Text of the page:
We are favoured, for the Christ has been birthed in each of us, and continues to be born again and again in our hearts with purpose of transforming not only our lives but transforming the world and bringing hope to a people that walk in darkness. Hide not your light -- that is, his light -- under a bushel, but let it be unto you according to his word, that each of us might sing the words of blessed Mary this Christmastide and always, “My Soul proclaims the greatness of the Lord and my Spirit rejoices in God my saviour!”

c. 2006 by the Rev. Daniel F. Graves

Tuesday, December 15, 2009

Hope in the Darkness - A Homily for a Service of Remembrance and Hope

A Homily for a “Service of Remembrance and Hope”
(offered to those who mourn during this Advent and Christmas Season)
Tuesday, December 15, 2009
Holy Trinity Anglican Church, Thornhill, ON
The Rev. Daniel F. Graves
Texts: Isaiah 9:2-7; John 1:1-14

“The people who walked in darkness have seen a great light; those who lived in a land of deep darkness – on them light has shined.”
- Isaiah 9:2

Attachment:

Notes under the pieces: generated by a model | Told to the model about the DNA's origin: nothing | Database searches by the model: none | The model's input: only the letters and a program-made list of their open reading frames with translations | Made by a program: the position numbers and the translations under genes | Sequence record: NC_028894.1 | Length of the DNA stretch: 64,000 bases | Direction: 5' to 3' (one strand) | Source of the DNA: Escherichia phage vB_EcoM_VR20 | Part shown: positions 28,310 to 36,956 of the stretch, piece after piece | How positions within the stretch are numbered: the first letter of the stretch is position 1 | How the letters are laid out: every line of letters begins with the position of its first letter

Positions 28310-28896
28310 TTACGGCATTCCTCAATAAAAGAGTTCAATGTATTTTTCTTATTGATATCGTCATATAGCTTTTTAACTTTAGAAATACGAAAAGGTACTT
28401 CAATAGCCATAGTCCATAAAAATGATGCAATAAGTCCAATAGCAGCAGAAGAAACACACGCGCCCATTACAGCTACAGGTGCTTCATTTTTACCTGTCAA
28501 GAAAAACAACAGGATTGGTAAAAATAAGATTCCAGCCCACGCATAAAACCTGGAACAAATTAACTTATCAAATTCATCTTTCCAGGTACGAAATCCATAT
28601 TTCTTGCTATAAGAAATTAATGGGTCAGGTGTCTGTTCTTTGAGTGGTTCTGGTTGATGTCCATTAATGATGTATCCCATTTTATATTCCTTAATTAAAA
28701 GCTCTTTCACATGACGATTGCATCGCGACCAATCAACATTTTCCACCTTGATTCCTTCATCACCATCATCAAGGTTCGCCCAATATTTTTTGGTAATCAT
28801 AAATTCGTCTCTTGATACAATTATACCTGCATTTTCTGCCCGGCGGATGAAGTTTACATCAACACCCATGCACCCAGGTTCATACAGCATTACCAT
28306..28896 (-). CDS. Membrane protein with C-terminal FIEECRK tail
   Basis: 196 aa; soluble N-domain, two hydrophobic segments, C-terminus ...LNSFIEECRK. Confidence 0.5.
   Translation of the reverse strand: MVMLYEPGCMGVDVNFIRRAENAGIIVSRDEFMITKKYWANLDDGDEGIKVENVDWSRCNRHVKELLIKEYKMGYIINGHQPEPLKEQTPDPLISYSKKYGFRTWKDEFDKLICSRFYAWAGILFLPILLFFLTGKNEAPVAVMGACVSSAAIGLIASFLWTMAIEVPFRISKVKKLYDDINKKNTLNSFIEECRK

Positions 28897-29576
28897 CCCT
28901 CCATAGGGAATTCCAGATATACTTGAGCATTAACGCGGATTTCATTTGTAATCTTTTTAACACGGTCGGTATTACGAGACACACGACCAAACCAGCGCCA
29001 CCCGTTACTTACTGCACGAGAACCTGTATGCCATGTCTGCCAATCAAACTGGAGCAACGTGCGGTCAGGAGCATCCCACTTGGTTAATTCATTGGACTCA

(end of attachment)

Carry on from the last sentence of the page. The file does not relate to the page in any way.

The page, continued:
As we draw close to the longest night of the year, I am deeply cognizant that for many, this year has been (as the prophet Isaiah says) like dwelling in a land of deep darkness. Many amongst us have lost someone over this past year and even after many years, others will still feel the loss of loved ones poignantly as the Christmas season approaches. The period of grief and mourning is often depicted metaphorically by our biblical authors as a period of dwelling or living in a land of darkness. Consider, for example, the words of that most beloved of psalms in which we find ourselves “walking through the valley of the shadow of death.” Shadows, darkness, deep darkness, and night. The darkness of grief is a darkness from which we wonder if we shall ever emerge. It is a darkness that no one else seems to understand, for we are surrounded by a festive season. Although the days have grown shorter, festive lights illumine night. Although our hearts may be saddened, we are surrounded by songs of joy. Although we long to be alone with our quiet thoughts we are dragged into the crowd to share in a cheer we can barely muster. One supposes we must come along for the ride, and yet, no matter how many carols are sung, no matter how many lights are strung, no many how many parties are attended, we still feel deeply lost in a land of deep darkness and wandering about in the shadow of death.